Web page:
Six months after a deadly school shooting in Michigan, state Republican lawmakers still refuse to act.
On Wednesday, following the fatal shootings at an elementary school in Uvalde, Texas, Democrats in the Michigan Senate moved to discharge gun safety bills from the body's Government Operations Committee and bring them to the floor for a vote, but were blocked by their Republican colleagues, who control both chambers of the Legislature.
"There are political solutions," said state Sen. Ken Horn during a speech on the Senate floor. "But there are just as many spiritual solutions. We don't know what is really happening in this world, what is happening in this country, what is happening to young men."
The four bills, numbered S.B. 550 through S.B. 553, were first introduced following the Nov. 30, 2021, shooting at Oxford High School in Oakland County, Michigan, in which a student killed four students and wounded seven other people, including a teacher.
The bills stipulate criminal penalties for the improper storage of firearms in the event that an improperly stored gun is taken by a minor and used to injure somebody and for the sale of firearms to minors or to people with felony convictions. They would also require gun dealers to provide buyers with written notice of such legal requirements.
Republicans refused to consider the bills, saying that it was not the right time. Instead, they voted unanimously to send the bills back to the Government Operations Committee.
State Sen. Rosemary Bayer told Michigan Radio on Wednesday, "We took some action today to try to cause something to happen." While admitting that Democratic lawmakers did not succeed, she said this does not mean they are done.
"We have been trying to pass some gun safety regulations for a long time here in Michigan," she said. "The bills that we were going to introduce, they're proven effective. There are states that have some common sense regulation stuff and they have far less issues with shootings than we do." Of particular importance, she said, was "having the idea of a basic package of bills that do safe storage, that define how to safely store a firearm and some kind of accountability if a minor gets possession of your gun and uses it to hurt themselves or somebody else."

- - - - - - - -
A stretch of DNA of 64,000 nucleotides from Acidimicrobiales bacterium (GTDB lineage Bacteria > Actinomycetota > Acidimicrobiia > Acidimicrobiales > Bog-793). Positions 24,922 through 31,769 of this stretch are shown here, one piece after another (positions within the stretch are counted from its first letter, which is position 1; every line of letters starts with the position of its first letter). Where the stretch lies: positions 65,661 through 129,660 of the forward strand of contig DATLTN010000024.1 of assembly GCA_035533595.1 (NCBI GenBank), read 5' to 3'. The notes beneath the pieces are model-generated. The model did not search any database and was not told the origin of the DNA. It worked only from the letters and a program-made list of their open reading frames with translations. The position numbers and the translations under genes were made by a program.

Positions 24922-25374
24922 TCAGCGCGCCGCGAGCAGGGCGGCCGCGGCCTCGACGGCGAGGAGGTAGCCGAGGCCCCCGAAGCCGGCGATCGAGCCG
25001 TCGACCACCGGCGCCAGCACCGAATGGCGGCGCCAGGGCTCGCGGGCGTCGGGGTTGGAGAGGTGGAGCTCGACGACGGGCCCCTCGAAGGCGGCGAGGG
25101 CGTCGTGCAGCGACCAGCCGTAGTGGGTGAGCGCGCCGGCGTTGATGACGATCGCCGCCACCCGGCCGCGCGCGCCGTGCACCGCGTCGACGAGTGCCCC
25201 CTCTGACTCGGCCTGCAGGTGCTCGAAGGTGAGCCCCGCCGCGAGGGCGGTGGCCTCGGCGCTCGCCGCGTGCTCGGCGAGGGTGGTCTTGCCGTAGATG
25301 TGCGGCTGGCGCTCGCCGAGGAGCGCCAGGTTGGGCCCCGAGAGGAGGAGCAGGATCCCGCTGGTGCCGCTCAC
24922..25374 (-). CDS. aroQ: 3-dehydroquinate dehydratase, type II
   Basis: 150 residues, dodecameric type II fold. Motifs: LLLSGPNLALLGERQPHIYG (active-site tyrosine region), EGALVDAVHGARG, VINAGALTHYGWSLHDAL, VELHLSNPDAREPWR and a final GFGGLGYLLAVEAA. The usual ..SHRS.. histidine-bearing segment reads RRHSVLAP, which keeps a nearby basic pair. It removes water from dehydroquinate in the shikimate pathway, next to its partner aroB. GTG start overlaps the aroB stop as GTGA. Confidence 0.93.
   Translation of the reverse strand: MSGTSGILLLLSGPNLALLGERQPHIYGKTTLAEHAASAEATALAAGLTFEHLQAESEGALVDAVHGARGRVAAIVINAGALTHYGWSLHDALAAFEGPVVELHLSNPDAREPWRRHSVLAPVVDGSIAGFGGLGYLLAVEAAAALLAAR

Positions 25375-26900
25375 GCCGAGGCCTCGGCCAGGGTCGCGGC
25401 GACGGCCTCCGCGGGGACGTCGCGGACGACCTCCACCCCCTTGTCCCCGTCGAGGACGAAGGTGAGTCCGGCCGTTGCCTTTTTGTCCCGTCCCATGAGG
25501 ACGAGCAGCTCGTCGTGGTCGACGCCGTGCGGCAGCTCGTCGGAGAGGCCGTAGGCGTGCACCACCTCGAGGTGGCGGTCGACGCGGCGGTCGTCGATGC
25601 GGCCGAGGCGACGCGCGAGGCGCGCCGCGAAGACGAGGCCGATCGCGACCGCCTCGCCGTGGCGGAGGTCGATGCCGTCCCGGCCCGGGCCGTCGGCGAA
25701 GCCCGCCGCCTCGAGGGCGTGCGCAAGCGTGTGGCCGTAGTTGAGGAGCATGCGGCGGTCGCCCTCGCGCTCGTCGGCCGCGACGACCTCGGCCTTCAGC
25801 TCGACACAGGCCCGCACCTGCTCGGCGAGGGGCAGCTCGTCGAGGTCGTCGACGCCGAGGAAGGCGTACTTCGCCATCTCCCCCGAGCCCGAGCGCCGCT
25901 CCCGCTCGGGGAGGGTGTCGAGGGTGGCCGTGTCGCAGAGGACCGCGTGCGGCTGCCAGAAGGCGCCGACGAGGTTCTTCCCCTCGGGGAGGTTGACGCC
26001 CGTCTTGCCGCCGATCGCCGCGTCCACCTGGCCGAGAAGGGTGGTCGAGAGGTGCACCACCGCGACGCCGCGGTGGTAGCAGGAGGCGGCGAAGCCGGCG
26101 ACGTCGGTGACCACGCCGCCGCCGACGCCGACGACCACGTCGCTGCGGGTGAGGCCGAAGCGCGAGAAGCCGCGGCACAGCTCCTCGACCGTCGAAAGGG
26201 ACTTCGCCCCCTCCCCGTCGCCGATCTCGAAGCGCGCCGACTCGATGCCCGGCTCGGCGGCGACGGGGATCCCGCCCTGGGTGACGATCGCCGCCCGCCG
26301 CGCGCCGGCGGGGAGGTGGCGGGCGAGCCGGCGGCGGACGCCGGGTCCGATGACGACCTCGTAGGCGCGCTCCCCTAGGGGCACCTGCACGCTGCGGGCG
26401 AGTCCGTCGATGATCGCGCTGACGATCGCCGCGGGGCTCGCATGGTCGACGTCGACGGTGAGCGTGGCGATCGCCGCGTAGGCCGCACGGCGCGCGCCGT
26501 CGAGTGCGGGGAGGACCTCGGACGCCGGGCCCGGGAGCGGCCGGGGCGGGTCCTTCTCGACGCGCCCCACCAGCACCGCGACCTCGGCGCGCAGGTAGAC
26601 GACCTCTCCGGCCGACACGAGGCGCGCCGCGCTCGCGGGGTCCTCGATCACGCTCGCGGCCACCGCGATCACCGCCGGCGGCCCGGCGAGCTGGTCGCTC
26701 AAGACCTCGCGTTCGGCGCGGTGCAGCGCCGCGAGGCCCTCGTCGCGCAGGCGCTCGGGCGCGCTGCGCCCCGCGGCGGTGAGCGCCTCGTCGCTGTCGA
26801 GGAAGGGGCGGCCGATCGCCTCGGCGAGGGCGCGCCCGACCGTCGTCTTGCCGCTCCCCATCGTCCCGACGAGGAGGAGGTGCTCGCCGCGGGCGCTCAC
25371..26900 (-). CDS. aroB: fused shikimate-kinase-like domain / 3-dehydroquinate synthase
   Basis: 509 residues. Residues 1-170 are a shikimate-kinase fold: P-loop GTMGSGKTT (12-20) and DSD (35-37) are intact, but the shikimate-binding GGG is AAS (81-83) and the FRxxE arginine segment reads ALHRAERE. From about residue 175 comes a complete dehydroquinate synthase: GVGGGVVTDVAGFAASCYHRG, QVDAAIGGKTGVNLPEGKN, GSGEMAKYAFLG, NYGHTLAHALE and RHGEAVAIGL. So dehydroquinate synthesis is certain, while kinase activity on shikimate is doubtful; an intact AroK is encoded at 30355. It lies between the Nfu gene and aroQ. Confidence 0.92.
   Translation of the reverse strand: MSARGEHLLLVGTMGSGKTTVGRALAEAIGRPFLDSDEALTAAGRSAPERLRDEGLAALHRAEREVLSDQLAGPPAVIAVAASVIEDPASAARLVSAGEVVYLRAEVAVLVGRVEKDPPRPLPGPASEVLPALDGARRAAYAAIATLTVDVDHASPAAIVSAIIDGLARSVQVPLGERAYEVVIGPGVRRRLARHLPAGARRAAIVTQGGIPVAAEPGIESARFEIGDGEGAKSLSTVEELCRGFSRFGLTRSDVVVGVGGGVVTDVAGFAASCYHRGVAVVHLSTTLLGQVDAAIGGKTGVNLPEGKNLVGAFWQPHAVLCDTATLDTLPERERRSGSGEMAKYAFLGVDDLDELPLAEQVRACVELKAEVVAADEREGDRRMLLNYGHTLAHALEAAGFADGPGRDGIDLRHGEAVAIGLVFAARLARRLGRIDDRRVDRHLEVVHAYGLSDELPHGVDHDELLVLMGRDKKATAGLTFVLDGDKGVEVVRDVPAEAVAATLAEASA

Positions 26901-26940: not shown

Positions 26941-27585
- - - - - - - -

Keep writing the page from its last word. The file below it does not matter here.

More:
According to the gun safety organization Everytown for Gun Safety, Michigan ranks 24th in the nation for gun safety based on the strength of the state's current gun safety laws. Michigan lacks critical laws such as prohibitions against assault weapons and high-capacity magazines.
Additionally, the state has no laws prohibiting guns from being carried on the state Capitol grounds, at public demonstrations, or in bars. It has no extreme risk laws, which allow law enforcement and family members to petition a court to temporarily remove a firearm from any individual deemed a danger to themselves or others; nor does it have laws banning firearms sales to domestic abusers, including convicted abusers and those under domestic abuse restraining orders.
According to Everytown, 1,270 people are killed every year in Michigan by guns.
After Wednesday's initiative was denied in the Senate, Democrats were swift to criticize their Republican colleagues. State Sen. Jeff Irwin, in an emotional speech, asked lawmakers what they were going to do to address the gun violence in the nation:
What are we going to do to try to prevent another one of these tragedies from happening? We have a motion and we have legislation that could make a difference, that could make our kids safer, that could make our schools safer. And what's happening? What's happening is that once again Republicans are trying to bury any action. They are trying to bury any action to try to make our schools safer and make our kids safer, and they are doing it at the behest of the gun lobby, they are doing it at the behest of a minority of citizens who are putting their right to own any gun of any type above the safety of our people.
State Sen. Erika Geiss tweeted, "This morning on the #mileg senate floor, @MISenDems attempted to discharge to the floor (to vote on) several of our gun violence prevention bills. Senate republicans blocked it and claim that 'this is not the time.' When the fuck is the time? Smdh."
In a comment emailed to TAIF on Thursday, the gun safety group End Gun Violence Michigan said:
It has been 6 months since the tragic school shooting in Oxford, Michigan, and already we are overwhelmed with more mass killings. In that 6 months, the Michigan legislature has done absolutely nothing to stop it from happening again. And we can see that it will happen again and again unless we change our laws. We're calling for all people of conscience to march with us on June 4 to demand our politicians put our lives and our children's lives ahead of the demands of the gun lobby.
The group is considering a ballot initiative in 2024 to establish stricter gun laws if the Legislature fails to do so.
Published with permission of The American Independent Foundation.